When evaluating a blockchain, artists need to consider the following factors

Security and Reliability

The security and reliability of the blockchain (network) is crucial. Artists want to ensure that their NFTs are safe from hacks or technical issues. The newer blockchains have a higher tendency to experience downtime and interrupt events. All blockchains are vulnerable when changes are implemented. Ethereum has spent years testing and implementing the change to its proof-of-stake consensus mechanism. Highly centralised networks like BNB Chain raise concerns about external control and interference. Solana gained credibility by hosting high-profile NFT drops, such as the Degenerate Ape Academy, and by supporting popular projects like Serum and Metaplex

Energy Efficiency

Some artists prioritize environmentally friendly blockchains that consume less energy, as concerns about the carbon footprint of blockchain technology have grown. Tezos and Flow have been highlighted for their focus on environmental sustainability in comparison to the historically energy-intensive blockchains like Ethereum and Bitcoin.

  • Ethereum switched to a proof-of-stake (PoS) consensus mechanism on 15 September 2022 and now consumes as much energy as the standard Web2 platforms like Facebook or Tiktok.
  • Solana uses a unique combination of proof-of-history (PoH) and proof-of-stake (PoS) consensus mechanisms.
  • Tezos and Flow use a PoS consensus mechanism.
  • BNB Chain uses a consensus model called Proof-of-Staked-Authority (PoSA). It is a highly centralised blockchain which is a disadvantage in the decentralised (trustless) finance (DeFi) world.
  • Wax uses a PoS mechanism but also creates carbon offset NFTs and partners with Climate Care as part of a mission for sustainability. 
  • Bitcoin is a proof-of-work blockchain having the biggest energy consumption and environmental impact.

Blockchain Costs and Fees

Different blockchains have varying costs associated with minting NFTs and processing transactions. Artists may, for example, choose the Tezos or Polygon network due to their lower transaction costs when compared to Ethereum. Many artists from the global south with currencies 20+ to the dollar cannot afford the dynamic (unpredictable) costs of Ethereum gas fees. However, there are many cost and fee exceptions and variations on Ethereum. Nifty Gateway is owned by Gemini (crypto exchange) and because of this, covers the gas fees for minting an NFT from a drop, sparing the artist this expense.

Cross-chain Interoperability

Artists might choose blockchains that support cross-chain interoperability, enabling their NFTs to be used or displayed on multiple platforms. Polygon and Ethereum are frequently chosen for their interoperability, allowing NFTs to move seamlessly between the two networks.

Smart-Contract Technology

NFTs and smart contracts are inseparable. Some blockchains offer more advanced smart contract capabilities, allowing artists to embed specific features or interactions within their NFTs. Flow blockchain is known for its Cadence programming language, which enables advanced smart contract capabilities and interactive NFTs.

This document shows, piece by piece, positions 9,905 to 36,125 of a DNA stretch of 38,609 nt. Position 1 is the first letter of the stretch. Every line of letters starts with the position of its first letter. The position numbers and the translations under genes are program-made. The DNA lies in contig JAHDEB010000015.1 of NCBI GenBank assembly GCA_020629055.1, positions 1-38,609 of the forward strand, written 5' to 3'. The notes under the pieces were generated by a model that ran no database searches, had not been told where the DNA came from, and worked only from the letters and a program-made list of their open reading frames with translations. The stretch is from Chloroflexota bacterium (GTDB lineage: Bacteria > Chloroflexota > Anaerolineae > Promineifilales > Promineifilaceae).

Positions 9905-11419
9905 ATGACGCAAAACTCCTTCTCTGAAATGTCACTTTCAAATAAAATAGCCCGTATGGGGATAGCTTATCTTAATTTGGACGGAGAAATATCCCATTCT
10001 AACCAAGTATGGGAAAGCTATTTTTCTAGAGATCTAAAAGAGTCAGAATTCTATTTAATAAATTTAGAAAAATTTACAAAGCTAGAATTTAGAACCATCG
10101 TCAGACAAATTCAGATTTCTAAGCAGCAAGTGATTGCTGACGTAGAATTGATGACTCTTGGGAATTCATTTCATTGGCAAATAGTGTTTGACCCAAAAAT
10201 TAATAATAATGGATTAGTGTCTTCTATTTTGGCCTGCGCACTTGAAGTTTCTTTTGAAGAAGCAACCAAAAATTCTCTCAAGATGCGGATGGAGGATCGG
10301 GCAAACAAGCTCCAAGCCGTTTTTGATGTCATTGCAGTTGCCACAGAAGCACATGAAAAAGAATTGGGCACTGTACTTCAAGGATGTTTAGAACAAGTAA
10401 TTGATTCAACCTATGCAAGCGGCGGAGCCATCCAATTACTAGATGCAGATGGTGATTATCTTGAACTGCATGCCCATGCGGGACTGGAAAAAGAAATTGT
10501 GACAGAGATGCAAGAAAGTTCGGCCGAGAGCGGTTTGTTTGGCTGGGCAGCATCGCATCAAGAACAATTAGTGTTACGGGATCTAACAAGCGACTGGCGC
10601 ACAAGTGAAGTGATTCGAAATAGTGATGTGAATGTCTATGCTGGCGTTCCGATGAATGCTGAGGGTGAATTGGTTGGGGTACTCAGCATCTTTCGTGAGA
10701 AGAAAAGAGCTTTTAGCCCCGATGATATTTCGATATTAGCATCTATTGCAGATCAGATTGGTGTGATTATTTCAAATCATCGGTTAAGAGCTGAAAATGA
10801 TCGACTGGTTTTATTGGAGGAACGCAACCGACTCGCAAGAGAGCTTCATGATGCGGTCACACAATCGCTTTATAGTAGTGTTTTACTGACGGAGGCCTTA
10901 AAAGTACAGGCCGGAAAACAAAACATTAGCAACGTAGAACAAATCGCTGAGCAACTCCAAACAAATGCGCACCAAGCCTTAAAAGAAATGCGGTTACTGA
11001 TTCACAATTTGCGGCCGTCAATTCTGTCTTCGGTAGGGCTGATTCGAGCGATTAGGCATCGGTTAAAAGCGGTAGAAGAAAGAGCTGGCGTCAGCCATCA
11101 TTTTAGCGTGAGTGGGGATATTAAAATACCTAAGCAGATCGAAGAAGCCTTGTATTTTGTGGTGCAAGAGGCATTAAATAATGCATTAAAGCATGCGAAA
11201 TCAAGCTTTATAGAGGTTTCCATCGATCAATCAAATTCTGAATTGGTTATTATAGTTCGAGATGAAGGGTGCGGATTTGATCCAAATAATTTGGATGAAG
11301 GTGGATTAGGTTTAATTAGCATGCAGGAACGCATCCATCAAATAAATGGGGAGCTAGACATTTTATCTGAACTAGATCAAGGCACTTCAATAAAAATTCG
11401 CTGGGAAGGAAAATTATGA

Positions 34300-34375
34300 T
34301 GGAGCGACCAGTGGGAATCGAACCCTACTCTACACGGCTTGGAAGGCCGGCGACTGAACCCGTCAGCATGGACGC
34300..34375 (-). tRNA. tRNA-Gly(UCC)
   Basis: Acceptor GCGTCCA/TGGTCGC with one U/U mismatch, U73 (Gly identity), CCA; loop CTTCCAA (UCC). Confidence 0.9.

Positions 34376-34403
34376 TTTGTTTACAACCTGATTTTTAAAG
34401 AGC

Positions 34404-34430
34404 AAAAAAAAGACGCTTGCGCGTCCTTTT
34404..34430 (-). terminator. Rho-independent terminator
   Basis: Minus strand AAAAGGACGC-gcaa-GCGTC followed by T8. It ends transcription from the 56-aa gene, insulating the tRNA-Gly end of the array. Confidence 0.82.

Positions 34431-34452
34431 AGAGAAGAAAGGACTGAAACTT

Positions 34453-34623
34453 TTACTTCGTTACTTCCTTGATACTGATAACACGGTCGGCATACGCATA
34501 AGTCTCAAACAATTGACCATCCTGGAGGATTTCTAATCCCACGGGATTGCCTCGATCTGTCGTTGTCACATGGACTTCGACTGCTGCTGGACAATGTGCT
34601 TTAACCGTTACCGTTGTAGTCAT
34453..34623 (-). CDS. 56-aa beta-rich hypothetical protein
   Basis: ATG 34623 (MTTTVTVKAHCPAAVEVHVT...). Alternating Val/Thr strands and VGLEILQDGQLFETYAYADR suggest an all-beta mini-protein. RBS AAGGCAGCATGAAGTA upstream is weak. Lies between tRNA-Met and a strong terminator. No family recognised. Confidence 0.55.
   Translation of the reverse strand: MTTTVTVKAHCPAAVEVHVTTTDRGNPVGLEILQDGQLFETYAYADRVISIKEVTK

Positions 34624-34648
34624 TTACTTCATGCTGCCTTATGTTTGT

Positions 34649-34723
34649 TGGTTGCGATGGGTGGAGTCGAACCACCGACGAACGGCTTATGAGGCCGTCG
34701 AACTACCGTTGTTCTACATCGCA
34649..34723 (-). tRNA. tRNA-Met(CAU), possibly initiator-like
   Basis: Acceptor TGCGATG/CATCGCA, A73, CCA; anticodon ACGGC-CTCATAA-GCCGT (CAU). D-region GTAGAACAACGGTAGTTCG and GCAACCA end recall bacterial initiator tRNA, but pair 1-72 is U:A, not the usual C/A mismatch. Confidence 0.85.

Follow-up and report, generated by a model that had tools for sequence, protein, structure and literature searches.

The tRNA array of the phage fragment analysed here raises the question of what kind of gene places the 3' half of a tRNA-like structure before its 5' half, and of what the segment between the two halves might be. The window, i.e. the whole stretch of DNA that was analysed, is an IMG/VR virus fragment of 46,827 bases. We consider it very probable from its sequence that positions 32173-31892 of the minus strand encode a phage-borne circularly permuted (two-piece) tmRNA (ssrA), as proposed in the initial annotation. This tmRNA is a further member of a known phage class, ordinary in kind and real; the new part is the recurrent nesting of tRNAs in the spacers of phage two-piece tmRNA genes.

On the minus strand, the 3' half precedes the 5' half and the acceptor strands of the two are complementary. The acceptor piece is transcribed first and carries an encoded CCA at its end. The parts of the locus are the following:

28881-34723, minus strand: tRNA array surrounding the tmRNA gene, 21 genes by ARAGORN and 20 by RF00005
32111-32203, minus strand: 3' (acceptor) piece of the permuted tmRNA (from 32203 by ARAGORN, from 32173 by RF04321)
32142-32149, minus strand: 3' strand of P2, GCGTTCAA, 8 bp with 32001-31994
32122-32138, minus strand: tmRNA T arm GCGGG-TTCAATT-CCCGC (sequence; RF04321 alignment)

Storage and File Formats

Different blockchains have varying requirements and standards for storing NFT metadata and digital assets. Filecoin is designed to offer decentralized, secure storage for NFT metadata and digital assets.

Blockchain Ecosystem and Community

Artists may choose a blockchain that has a thriving and supportive community of collectors, artists, and developers. A strong ecosystem can provide valuable networking and promotional opportunities. Ethereum is known for its vibrant NFT ecosystem with numerous artists, collectors, and decentralized applications (dApps).

When evaluating an NFT marketplace, artists need to consider the following factors

NFT Marketplace Fees and Revenue Sharing

Artists should be aware of the platform’s fee structure and how much they will receive from each sale. Some platforms offer better revenue-sharing terms than others. Rarible allows artists to create their own NFT marketplace with customizable fee structures, giving them more control over their earnings.

Curation

Foundation employs a curation process where a committee selects and then invites artists to join the platform. Many platforms like Nifty Gateway curate the content they feature, which can be an obstacle to market for some NFT artists. Nifty Gateway plans to offer a non-curated option, thereby opening up to a wider range of NFT artists. The downside of non-curated platforms is NFT pollution: NFT junk and NFT noise can turn artists, collectors and buyers off a platform.

NFT Marketplace User Base and Target Audience

Popular NFT marketplaces like OpenSea, Rarible, and Foundation have large user bases, which can translate into increased visibility (eyeballs) for an artist’s work. OpenSea has millions of users which speaks to an established presence, successful track record and solid reputation. Even with a large user base however, NFT artists still have to promote their work to sell. While random browsing by collectors and buyers does take place, they mostly search to find the artists or NFTs they’re interested in, or click on promoted links from known and trusted social media artists, influencers and communities. Most NFT artists connect with their community (tribe) on social media sites like X.com and then join the NFT marketplace(s) recommended and used by their community.

Ownership and Control

Some artists may prefer platforms that allow them to maintain more control over their work, while others may value the ease of use provided by larger marketplaces. Platforms like Mintable offers the ability to modify or upgrade NFTs after minting.

Artistic Vision and Goals

The choice of platform may align with the artist’s vision and goals for their NFT art. For example, artists who want to perfect generative or interactive NFTs might choose a platform like Art Blocks which specialises in programmable art and the generative (or algorithmic) art niche.

In summary, the choice of where to mint and sell NFTs is not random but rather a strategic decision influenced by a combination of technical, financial, artistic, and community-related factors. Artists typically weigh these considerations to determine the best platform or blockchain for their specific needs and objectives.

Richelle Steyn
Richelle Steyn

Art lover and tech geek. Using Art and Web3 to create worth.